The gains in U.S. machinery exports in 2012 were offset by a decline in U.S. exports of semiconductor manufacturing equipment, which fell by $1.1 billion (8 percent) to $13.6 billion. Semiconductor manufacturing equipment markets in all regions — except Taiwan and Korea — were significantly weaker in 2012, as reflected in reduced U.S. exports to China, Japan, and other large markets during that year. The decline in these markets was due to weaker unit demand for semiconductors that led producers in these countries to curtail their capital expenditure plans, as well as a lack of new large projects in progress in 2012. Nevertheless, U.S. exports to Taiwan and Korea increased due to continued investments in semiconductor fabrication plant expansions and equipment upgrades used to produce the next generation of semiconductors.

U.S. Imports

U.S. imports of machinery increased by $11.3 billion (7 percent) to $166.2 billion in 2012. Imports of machinery from virtually all suppliers increased, with China and Mexico representing the largest sources of U.S. imports within this sector.

The largest increase in U.S. machinery imports occurred in metal-cutting machine tools, which rose by $1.3 billion (29 percent) to $5.8 billion in 2012. The increase in imports of metal-cutting machine tools was likely due to demand from motor vehicle, aerospace, medical, and general machinery manufacturers, which were upgrading plants as they experienced strong demand for their products. Imports from Japan led the shift in this sector, increasing by $426 million to $2.3 billion, followed by imports from Germany, which rose by $252 million to $969 million. Imports from Taiwan rose by $173 million to $525 million. Notably, imports from Korea rose by $175 million (58 percent) to $475 million and likely benefited from the elimination of U.S. tariffs on these products (which ranged from 3 to 4 percent ad valorem) under the U.S.-Korea free trade agreement in 2012.

The second-largest increase in imports was of taps, cocks, valves, and similar devices, which rose by $1.3 billion (11 percent) to $13 billion. The leading import products responsible for this shift were other valves (including solenoid valves, of which motor vehicle fuel injectors are a subset), parts for valves, and check (nonreturn) valves. Sophisticated fuel injectors for automobiles and heavy-duty engines are increasingly being imported. Leading sources were China, Mexico, and Japan, all of which registered import increases in this commodity group in 2012.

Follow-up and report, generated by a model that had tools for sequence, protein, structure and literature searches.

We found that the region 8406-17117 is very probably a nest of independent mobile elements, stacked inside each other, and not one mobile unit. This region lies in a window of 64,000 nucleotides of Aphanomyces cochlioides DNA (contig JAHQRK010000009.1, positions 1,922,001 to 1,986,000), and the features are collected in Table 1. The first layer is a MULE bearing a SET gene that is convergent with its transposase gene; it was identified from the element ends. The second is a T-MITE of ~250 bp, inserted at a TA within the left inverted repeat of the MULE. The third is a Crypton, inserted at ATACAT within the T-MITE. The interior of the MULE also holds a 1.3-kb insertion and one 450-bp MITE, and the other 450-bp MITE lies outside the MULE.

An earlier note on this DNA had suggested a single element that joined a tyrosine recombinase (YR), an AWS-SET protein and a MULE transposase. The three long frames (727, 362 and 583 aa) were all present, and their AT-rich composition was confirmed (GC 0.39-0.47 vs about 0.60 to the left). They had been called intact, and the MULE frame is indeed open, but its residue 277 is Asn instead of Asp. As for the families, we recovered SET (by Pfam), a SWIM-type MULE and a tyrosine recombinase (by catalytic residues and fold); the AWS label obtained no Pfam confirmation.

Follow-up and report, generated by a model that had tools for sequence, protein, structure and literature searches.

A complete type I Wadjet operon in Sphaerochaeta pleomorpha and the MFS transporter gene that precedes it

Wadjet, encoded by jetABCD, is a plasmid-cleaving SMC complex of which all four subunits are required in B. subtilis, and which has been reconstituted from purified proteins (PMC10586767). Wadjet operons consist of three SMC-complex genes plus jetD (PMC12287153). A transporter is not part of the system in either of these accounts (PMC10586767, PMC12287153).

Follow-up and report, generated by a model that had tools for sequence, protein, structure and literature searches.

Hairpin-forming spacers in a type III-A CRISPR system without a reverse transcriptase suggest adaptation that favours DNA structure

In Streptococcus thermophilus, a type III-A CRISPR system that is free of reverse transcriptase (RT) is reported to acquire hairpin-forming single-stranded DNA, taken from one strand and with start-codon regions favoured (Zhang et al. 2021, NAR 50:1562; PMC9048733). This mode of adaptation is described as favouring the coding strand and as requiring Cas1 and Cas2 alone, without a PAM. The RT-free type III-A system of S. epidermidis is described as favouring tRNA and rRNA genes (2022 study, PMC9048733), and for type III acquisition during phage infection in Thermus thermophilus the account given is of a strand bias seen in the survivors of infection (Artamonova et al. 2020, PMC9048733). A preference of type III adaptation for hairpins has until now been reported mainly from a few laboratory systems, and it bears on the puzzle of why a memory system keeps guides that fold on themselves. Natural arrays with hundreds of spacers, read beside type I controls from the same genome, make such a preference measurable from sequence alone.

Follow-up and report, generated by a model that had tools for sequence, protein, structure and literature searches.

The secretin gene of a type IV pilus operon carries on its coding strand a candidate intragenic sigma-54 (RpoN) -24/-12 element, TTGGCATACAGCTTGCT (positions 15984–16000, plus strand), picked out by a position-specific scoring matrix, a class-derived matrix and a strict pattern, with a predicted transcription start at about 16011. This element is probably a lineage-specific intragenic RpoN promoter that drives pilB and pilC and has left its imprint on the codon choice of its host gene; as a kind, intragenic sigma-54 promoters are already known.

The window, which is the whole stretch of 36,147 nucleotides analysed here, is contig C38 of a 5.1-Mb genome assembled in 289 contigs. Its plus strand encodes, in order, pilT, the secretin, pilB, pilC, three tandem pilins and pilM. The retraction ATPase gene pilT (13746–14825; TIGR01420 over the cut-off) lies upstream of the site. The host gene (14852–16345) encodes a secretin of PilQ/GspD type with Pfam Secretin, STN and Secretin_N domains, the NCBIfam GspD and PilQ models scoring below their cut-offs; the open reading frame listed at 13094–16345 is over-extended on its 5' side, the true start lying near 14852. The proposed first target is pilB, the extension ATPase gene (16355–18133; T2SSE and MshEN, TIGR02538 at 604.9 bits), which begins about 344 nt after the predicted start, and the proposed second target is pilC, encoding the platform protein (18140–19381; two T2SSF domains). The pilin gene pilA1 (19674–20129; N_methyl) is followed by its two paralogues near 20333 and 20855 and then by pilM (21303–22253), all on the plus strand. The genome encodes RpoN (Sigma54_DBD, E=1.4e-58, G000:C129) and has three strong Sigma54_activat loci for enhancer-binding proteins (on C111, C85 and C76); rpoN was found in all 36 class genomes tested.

U.S. imports of air-conditioning equipment and parts increased in absolute terms by $1.2 billion (10 percent) as imports of these articles from China rose by $555 million and from Mexico by $364 million. Warm temperatures in the spring and summer of 2012 increased demand for both air-conditioning equipment and imported parts used in the production of such equipment. Shipments into the United States of central air conditioners and air-source heat pumps rose by almost 5 percent in 2012, rising from 3.7 million units to 3.9 million units. Increased imports from China principally consisted of window air-conditioning equipment, ceiling and other fans, compressors and parts, motor vehicle air-conditioning machines, other parts of air-conditioning machines, and other air-conditioning machines. Increased imports from Mexico primarily comprised parts of air-conditioning machines, particularly for motor vehicles, for motor vehicle turbochargers and superchargers, and for other air-conditioning machines.

Other significant increases in U.S. imports of machinery occurred in electric motors, generators, and related equipment; farm and garden machinery; and household appliances, including commercial appliances. The increase in U.S. imports of machinery was offset by declining imports of semiconductor manufacturing equipment, which fell by $1.1 billion to $13.1 billion. Imports of such equipment from Japan fell by $613 million and from the Netherlands by $526 billion. The decline likely was related to the completion of major semiconductor equipment upgrades in 2012 at semiconductor plants of Intel and Samsung Austin Semiconductor, as well as the global downturn in semiconductor production in 2012.